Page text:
Friday Film: In the Zone, Grand Theft, Shading the Inbounder

Watch the NBA's zone defenses, a different kind of steals, and the importance of the inbounder defender.

In the Zone

I’ve never understood the argument that college basketball is a far superior product to the NBA. It has its strengths — rabid fans, fun bands, and sports’ ultimate tournament among them — but the on-court product is clearly inferior to its professional sibling. Cramped spacing, a longer shot clock, big men camped in the paint, and lower skill levels all, in my opinion, make it much tougher to watch.

But one aspect of college basketball I’ve grown to appreciate is its strategic diversity. Teams play big and play small, some run offenses that have been around for decades and some more modern, NBA-style systems. It’s fascinating to watch a team like Bob Huggins’ West Virginia squad, playing a smash-mouth version of basketball that is all about offensive rebounds and forced turnovers (fouls be damned), go up against former NBA assistant and Marshall Head Coach Dan D’Antoni’s pro-style spread offense. That’s not something you get to see in the NBA.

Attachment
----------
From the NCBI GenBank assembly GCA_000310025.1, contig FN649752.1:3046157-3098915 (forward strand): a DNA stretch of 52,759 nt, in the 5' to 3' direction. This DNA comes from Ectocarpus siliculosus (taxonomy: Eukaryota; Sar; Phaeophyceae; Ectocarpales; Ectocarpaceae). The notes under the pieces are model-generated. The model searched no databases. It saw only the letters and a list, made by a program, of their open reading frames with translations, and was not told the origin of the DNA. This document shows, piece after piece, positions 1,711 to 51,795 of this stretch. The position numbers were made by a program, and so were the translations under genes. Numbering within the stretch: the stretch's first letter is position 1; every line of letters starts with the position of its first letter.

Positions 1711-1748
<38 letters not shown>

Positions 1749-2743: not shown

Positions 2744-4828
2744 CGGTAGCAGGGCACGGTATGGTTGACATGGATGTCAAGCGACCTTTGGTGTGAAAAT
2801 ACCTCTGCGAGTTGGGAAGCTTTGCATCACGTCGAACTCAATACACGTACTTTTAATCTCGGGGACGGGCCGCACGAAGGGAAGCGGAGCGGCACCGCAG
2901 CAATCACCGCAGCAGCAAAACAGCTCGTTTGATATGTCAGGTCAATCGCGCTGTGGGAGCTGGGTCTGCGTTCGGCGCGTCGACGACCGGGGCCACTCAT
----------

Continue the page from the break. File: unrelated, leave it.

Nowhere is this more apparent than with the two styles of defense rarely seen on the NBA level: press and zone. When I began coaching high school basketball after leaving the Sixers, I realized this was a whole side of the game I had never really engaged with. Years of studying NBA basketball left me woefully underprepared to understand how to attack the myriad press and zone defenses seen at the other levels of basketball. Because of the size, skill, and space at the NBA level, these are just not defenses that teams have had enough success with to employ on a regular basis. Synergy Sports reports that only 8 NBA teams have used a zone defense this season, and only one of them for more than 100 possessions (the Dallas Mavericks).

Perhaps inspired by March Madness, though, a pair of teams broke out their zone defenses for extended periods this week, both with success.

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